Marching with a New Group
March represents the IETF’s time for change as the new NomCom appointments take effect at each March IETF meeting. This year, three members of the Internet Architecture Board (IAB) ended their terms: Joel Halpern, Eliot Lear, and Xing Li; and the NomCom selected three new members to appoint to the IAB: Ralph Droms, Robert Sparks, and Suzanne Woolf. We thank Joel, Eliot, and Xing for their service; and welcome Ralph, Robert, and Suzanne.
This year also saw internal change at the IAB. Russ Housley chose not to stand for another term as IAB chair. The IAB selects its chair each year and this year it selected Andrew Sullivan, which is why there are two authors on this report.
For Russ, the outgoing IAB chair, the theme of the meeting was transition. “It has been a real pleasure to serve this community, and it has been easy to pass the baton to such a credible and qualified individual.”
For Andrew, the new IAB chair, the theme of the meeting was, “Wow, there are a lot of side meetings to go to.”
Immediately after IETF 92, the IAB selected Gonzalo Camarillo and John Levine to sit on the Internet Society Board of Trustees, each for a term of three years. The Internet Society announced this selection in April.
The IAB operates programs for two primary reasons. First, IAB programs facilitate the identification of topics that require focus over a period that could extend beyond member terms. Note that individuals need not remain members of the IAB in order to continue their work within programs. Second, they enable the IAB to recruit outside expertise—the IAB can’t know everything.
In Dallas, the work of two programs was highlighted during the technical plenary. First, Brian Trammel gave a presentation on the IAB Stack Evolution program, with a focus on the Stack Evolution in a Middlebox Internet (SEMI) workshop. The ossification of the Internet protocol stack is a critical issue for the overall architecture. If the Internet architecture is not flexible, it will become obsolete. We have witnessed this with previous communications technologies. The IAB is committed to seeking improvements in this area, which is why it held the workshop and enthusiastically promoted the Session Protocol for User Datagrams (SPUD) Birds-of-a-Feather (BoF) meeting. For more details about the SEMI workshop, look for the workshop report coming soon to an Internet-Draft repository near you.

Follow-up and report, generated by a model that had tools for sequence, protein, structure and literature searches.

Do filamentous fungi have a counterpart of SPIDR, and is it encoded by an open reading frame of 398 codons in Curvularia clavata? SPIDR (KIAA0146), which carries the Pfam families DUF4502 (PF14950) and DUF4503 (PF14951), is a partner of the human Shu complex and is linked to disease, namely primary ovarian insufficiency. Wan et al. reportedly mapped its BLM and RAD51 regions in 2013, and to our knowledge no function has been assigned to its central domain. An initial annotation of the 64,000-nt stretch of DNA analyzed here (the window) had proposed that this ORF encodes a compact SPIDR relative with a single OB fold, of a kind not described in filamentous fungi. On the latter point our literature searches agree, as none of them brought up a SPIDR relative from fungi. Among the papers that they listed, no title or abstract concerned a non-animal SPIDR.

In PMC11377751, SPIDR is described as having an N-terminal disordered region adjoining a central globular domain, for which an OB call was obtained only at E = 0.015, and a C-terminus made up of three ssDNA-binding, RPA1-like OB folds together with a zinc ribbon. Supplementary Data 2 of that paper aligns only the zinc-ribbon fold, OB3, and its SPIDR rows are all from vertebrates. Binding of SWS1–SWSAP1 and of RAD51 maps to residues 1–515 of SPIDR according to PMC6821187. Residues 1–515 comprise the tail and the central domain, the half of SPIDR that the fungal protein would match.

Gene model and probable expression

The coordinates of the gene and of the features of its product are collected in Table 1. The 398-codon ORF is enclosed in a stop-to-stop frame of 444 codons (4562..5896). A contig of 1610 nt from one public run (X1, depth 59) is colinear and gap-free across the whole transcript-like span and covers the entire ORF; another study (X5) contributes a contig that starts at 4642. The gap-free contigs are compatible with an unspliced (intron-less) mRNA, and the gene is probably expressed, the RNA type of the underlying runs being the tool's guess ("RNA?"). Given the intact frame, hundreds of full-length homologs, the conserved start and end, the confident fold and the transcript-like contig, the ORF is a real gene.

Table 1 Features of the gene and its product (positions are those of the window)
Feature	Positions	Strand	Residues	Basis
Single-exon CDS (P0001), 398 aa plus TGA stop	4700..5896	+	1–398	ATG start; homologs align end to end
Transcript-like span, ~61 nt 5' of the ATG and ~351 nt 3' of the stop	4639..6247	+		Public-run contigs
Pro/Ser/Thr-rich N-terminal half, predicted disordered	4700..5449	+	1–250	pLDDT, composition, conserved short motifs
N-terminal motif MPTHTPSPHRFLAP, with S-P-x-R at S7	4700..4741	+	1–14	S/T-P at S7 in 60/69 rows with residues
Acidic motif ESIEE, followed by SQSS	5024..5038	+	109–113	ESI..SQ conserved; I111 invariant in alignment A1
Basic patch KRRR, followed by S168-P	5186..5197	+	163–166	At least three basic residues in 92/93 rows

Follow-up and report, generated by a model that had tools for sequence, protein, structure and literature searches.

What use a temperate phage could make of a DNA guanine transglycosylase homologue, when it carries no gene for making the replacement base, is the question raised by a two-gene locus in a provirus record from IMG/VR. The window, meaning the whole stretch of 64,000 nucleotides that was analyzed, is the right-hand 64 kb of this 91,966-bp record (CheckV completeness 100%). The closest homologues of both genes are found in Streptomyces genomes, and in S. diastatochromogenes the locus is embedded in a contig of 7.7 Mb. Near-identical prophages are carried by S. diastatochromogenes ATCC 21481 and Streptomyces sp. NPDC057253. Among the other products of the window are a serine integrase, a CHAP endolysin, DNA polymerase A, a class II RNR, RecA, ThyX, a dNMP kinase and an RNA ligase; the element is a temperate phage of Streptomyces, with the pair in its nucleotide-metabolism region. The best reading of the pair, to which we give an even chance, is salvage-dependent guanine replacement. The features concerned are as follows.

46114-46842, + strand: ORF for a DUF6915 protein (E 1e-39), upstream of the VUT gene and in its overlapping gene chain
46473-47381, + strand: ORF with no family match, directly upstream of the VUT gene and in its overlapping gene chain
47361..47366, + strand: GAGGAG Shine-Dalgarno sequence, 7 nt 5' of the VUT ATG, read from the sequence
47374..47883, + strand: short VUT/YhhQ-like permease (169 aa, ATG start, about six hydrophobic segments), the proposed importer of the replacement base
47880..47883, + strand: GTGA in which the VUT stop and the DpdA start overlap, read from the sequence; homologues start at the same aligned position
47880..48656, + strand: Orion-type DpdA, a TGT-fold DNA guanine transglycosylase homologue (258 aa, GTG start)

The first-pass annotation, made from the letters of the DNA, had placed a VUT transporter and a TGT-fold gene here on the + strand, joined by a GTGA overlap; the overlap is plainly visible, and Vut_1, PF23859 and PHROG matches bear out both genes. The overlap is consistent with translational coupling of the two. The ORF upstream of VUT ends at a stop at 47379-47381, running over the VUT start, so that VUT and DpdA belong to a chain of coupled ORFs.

Second, Andrew Sullivan gave a presentation on the IAB Internationalization program, in which he outlined some history and reasoning behind a recent IAB statement and promoted the Locale-free UniCode Identifiers (LUCID) BoF. Also in Dallas, program participants gave a presentation to WG chairs about the PRECIS approach to internationalization, with a goal of helping chairs know what their working groups need to do. In 2014, the IAB believed that internationalization would be quiescent. It lowered the priority of its Internationalization program on the theory that the issues there were less pressing than other IAB topics. But events conspired to make this a bad bet. The result was a statement (https://www.iab.org/documents/correspondence-reports-documents/2015-2/iab-statement-on-identifiers-and-unicode-7-0-0/) about identifiers and recent versions of Unicode. The IAB has now identified the topic of internationalization as a serious gap for the Internet community. There are simply too many issues for the tiny number of interested people to tackle—the result is festering problems, like the one that the LUCID BoF tried to address in Dallas.
Naturally, the change in IAB personnel also meant changes to program oversight and membership. Learn more about IAB programs and membership at https://www.iab.org/activities/programs.
Highlights since IETF 91
The IAB published RFC 7452, “Architectural Considerations in Smart Object Networking.” The issues around smart objects were again highlighted during the Technical Plenary, where they were the central topic of the technical presentation.
The IAB published RFC 7500, “Principles for Operation of Internet Assigned Numbers Authority (IANA) Registries.” With the transition of the IANA away from the stewardship of the National Telecommunications and Information Administration (NTIA), it is important to outline the principles by which any IANA operation must function. That’s what this RFC does.
The IAB continued the liaison relationship with the Internet Corporation for Assigned Names and Numbers (ICANN) Root Server System Advisory Committee (RSSAC). See the joint statement athttps://www.iab.org/documents/correspondence-reports-documents/2015-2/iab-liaison-to-icann-root-server-system-advisory-council-rssac.
Finally, the IAB issued a statement that individuals appointed by the IAB to liaison positions should serve without expectation of direct compensation. See the statement athttps://www.iab.org/documents/correspondence-reports-documents/2015-2/iab-statement-on-liaison-compensation.